Another clothing label is in hot water, but this time it's not because of irresponsible ads, child labor or employee law suits.
Over one thousand people have gathered outside Hong Kong's Dolce & Gabbana store after a store security guard barred a photographer from taking pictures of the store from the sidewalk.
The Telegraph reports that word of the incident spread via Facebook. 13,000 people spoke out online, inspiring a crowd of one thousand to gather outside the store on Sunday.
While on the surface the issue is about the jurisdiction over public vs. private space -- according to the Telegraph, one protestor told a TV station, "Trying to ban us from taking pictures in a public space -- shame on them!" -- there seems to be an even more controversial issue at hand.
According to the Wall Street Journal, Dolce & Gabbana defended its decision to ban Hong Kong natives from photographing its store facade, but said that foreign and mainland Chinese tourists were permitted to take pictures.
It's not totally clear why, but some point to the deep-seated and problematic difference between Hong Kong and mainland China's access to democracy and freedoms.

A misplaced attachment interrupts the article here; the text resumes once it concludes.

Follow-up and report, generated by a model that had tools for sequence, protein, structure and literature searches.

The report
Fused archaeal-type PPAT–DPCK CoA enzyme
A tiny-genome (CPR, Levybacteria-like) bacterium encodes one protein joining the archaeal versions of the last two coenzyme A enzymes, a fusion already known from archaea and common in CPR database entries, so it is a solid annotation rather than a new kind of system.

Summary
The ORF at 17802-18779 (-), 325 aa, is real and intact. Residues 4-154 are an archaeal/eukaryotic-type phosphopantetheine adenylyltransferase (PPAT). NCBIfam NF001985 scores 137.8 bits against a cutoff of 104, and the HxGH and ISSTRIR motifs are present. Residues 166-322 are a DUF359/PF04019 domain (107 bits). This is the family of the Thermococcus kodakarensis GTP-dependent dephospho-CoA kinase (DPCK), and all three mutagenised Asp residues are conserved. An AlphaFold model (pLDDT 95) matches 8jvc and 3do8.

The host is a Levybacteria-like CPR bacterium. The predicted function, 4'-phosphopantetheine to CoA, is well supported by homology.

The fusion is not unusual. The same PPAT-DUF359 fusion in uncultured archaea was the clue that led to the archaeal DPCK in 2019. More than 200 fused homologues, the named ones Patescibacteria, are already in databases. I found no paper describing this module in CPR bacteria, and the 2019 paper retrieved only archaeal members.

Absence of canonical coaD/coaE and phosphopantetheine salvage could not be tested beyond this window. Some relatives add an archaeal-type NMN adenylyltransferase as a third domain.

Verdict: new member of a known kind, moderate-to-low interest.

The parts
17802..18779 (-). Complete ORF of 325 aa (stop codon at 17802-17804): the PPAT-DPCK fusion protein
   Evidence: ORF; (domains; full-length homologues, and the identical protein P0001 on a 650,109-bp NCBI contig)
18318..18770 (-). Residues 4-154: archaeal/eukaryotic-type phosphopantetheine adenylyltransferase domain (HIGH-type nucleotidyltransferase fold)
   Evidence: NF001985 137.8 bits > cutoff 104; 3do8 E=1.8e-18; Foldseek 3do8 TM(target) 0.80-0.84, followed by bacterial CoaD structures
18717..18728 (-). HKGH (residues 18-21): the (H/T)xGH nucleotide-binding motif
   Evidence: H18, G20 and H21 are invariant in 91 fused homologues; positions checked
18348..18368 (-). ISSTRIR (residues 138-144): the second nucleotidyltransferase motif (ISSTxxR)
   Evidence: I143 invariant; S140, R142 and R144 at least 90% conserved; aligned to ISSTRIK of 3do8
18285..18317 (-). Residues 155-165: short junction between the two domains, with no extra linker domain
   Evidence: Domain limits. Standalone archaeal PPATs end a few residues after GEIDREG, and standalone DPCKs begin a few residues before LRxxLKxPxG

Chung Kim-wah of the Center for Social Policies Studies at Hong Kong Polytechnic University told the Wall Street Journal:
"Since the city's handover to China in 1997, Hong Kong people have faced a lot of setbacks in their fight for democracy and freedom. As there is no universal suffrage and other political rights, they cling very hard on to what is left for them, such as the fundamental right to enjoy public space."
The decision to allow Chinese citizens one right but deny it of Hong Kong residents also stings because some Chinese customers are perceived as luxury-loving big spenders, visitors who will spend large sums and must therefore be appeased.
Either way, Dolce & Gabbana's policy smacks of discrimination and Hong Kong residents are really not happy about it.
Below, see a local newscast's report, which includes footage of the actual incident, as well as photos of the protests. Click over to WSJ.com to read more.